While Japan is known for its exquisite cuisine, served in elegant and gracious dining venues, it also has an underworld of restaurants that provide customers with an unusually different dining experience.
Here's a glimpse of 3 types of restaurants that engage the customer with more show than food, and which have become quite popular recently.
It might be a bit of a misnomer to call these places restaurants, as they serve little more than lunch boxes full of snacks and beverages (yes, alcoholic ones, too). Pay a fee that includes the snacks and show—and get ready. It is kind of like a hyper-amped up manga written by a fellow who has had one too many, containing robots on steroids, bikini-clad cuties, and monsters of all sorts who interact…somehow…as part of the show. It's loud, frenetic, chaotic—and a heck of a lot of fun. Don't worry about understanding what's going on—it all happens so fast, and with so many lights blinking and so much music blasting that by the time you think you've got it figured out, the next segment has begun. Don't miss it.
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There are over 215 maid cafes in Japan, a testament to how popular this fad continues to be. They have become one of the icons of Japan's globally popular anime/POP culture. While some might glance askew at these places filled with young women dressed up in someone's vision of a maid (whose sole aim is to please their "masters"), they continue to increase in popularity.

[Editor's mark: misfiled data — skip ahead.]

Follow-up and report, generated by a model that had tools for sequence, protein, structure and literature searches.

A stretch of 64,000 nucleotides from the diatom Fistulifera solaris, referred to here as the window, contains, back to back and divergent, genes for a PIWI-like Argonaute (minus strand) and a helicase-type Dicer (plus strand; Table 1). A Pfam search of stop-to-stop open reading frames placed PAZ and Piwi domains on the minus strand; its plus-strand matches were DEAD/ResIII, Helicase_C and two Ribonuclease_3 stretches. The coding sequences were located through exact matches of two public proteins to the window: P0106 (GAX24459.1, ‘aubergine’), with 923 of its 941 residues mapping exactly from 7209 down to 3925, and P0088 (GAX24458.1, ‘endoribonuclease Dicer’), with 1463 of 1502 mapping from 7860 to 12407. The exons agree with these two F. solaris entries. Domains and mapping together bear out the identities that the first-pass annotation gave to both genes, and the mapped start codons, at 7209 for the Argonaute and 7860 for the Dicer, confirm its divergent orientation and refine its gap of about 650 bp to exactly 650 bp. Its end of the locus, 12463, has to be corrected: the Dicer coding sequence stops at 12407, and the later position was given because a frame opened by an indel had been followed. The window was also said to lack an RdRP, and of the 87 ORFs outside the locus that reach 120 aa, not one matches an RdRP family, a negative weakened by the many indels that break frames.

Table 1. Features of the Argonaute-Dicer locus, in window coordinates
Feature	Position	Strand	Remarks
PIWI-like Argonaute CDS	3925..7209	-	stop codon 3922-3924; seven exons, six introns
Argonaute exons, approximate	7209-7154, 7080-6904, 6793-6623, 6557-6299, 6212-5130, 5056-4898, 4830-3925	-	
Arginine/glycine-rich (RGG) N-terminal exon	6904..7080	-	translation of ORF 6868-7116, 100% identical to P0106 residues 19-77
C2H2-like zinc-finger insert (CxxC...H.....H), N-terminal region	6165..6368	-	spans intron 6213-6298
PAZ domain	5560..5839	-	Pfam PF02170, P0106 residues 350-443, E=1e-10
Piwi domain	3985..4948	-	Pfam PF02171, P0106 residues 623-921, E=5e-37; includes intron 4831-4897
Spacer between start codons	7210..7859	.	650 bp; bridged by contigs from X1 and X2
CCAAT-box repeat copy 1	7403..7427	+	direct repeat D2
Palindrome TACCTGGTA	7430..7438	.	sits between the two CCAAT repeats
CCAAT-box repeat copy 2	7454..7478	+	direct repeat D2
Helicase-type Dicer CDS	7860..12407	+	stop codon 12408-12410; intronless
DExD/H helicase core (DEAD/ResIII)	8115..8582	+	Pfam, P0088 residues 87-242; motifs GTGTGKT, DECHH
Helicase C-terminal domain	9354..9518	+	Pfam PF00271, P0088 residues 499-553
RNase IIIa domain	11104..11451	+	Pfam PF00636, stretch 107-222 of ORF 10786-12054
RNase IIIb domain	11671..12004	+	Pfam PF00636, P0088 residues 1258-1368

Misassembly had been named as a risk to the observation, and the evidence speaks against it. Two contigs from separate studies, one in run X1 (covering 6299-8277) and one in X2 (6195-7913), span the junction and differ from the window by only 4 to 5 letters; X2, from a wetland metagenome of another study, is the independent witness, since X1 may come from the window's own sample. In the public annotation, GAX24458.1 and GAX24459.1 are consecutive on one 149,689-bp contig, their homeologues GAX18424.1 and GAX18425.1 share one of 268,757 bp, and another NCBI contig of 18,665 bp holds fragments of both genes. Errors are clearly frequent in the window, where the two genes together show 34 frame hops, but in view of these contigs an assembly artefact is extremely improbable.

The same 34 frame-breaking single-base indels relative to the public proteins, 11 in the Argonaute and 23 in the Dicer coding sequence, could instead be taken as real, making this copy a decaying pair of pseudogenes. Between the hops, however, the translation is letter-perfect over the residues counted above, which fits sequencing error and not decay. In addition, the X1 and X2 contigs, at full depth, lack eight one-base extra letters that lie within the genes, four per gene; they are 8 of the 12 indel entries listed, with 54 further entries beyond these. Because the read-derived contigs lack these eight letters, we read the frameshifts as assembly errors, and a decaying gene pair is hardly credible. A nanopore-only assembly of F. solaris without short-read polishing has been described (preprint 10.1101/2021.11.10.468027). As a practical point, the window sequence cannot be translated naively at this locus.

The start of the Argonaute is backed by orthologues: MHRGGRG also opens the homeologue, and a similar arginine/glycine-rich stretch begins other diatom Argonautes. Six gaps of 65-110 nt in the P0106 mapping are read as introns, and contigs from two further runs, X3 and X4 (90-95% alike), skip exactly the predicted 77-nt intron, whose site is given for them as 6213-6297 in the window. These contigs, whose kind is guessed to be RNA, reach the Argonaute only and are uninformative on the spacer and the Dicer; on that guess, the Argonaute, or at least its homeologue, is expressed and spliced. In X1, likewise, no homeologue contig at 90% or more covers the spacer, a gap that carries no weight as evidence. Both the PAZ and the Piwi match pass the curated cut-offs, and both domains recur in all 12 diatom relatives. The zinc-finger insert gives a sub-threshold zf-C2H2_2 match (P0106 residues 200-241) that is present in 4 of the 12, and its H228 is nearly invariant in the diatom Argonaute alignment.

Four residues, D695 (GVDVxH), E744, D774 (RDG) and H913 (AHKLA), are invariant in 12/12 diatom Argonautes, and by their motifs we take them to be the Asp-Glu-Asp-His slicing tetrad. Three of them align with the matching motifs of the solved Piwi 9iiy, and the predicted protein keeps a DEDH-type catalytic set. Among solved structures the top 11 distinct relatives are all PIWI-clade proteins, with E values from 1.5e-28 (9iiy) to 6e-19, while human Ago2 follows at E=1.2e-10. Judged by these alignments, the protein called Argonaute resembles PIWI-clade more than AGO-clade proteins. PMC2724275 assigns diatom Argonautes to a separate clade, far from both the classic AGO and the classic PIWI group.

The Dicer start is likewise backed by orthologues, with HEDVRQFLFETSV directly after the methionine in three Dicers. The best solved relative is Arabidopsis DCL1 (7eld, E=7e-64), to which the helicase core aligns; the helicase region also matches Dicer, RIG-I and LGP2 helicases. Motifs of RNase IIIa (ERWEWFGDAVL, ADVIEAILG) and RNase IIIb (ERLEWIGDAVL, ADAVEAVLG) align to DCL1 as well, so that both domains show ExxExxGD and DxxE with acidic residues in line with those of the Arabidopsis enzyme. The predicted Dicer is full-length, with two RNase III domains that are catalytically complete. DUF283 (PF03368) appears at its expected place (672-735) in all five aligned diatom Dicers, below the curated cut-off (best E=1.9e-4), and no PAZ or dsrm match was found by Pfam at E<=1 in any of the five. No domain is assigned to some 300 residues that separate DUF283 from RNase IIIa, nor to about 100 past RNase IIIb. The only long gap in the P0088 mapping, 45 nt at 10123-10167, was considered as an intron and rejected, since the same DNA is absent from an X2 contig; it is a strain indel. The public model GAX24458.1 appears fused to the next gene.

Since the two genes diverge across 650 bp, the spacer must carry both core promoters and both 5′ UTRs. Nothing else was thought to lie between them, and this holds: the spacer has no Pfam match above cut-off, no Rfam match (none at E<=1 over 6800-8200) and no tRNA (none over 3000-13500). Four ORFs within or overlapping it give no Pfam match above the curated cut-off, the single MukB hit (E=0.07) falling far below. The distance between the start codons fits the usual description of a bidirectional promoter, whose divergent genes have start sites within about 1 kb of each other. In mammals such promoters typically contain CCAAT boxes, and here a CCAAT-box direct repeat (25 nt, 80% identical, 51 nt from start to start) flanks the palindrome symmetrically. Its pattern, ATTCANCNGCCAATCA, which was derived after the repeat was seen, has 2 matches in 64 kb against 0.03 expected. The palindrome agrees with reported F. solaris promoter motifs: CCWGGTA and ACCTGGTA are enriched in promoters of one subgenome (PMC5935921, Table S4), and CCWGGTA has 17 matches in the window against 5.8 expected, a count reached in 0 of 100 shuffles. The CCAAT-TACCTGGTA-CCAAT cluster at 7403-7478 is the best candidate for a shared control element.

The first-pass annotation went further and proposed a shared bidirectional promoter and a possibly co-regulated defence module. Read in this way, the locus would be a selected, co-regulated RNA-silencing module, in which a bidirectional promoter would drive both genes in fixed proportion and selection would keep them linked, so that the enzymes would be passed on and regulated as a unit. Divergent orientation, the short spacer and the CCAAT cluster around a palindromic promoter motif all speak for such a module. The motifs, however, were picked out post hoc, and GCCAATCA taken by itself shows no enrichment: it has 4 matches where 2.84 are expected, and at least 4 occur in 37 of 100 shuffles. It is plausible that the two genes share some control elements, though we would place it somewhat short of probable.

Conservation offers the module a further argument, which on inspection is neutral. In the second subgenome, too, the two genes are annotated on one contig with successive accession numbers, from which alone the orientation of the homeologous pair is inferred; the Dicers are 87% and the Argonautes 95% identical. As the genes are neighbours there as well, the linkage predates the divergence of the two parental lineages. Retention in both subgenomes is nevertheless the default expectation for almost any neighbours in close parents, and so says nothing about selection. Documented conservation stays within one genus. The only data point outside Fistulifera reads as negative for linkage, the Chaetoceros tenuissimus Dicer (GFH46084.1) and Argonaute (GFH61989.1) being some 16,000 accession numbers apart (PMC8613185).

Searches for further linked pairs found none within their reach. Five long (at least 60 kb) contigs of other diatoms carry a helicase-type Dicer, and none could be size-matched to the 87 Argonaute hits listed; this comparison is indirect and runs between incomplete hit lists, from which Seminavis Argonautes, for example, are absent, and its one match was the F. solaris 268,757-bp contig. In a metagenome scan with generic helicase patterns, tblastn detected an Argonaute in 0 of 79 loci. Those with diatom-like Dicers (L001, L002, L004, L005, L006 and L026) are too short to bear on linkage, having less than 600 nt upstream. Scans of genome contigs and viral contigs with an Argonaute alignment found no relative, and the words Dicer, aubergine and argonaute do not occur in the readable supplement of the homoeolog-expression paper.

Now, in Akihabara, the Mecca of Anime lovers, the discount shop chain Don Quijote has opened "@homecafe", a slice of maid heaven for those so inclined. There is also “maidreamin”, which has 12 locations in Tokyo, one in Nagoya and two in Osaka. The maids are adorable and friendly, willing to chat with you, and they'll even write on your food with ketchup while intoning a special "chant" so your food tastes better. You can purchase merchandise, including games and pictures, and enjoy listening to the maids perform dances and sing songs. Be forewarned—time inside is limited to one hour, and there is an additional seating charge. The line to get in can stretch to over 2 hours on weekends/evenings.
What's more fun than a ninja-themed restaurant? Probably a lot of things, but this appealing, family-friendly theme-park style eatery that looks like an ancient castle or a ninja hideaway might just be what you are looking for when the kids are hungry, and you could use a little bit of kitschy entertainment. Waiters guide you down maze-like passages to your dining area, use their ninja prowess to scare you when you least expect it with a shout or a jump, and even perform magic tricks! Now in Tokyo, Kyoto, and New York!
For more information on Ninja Kyoto, please visit here.
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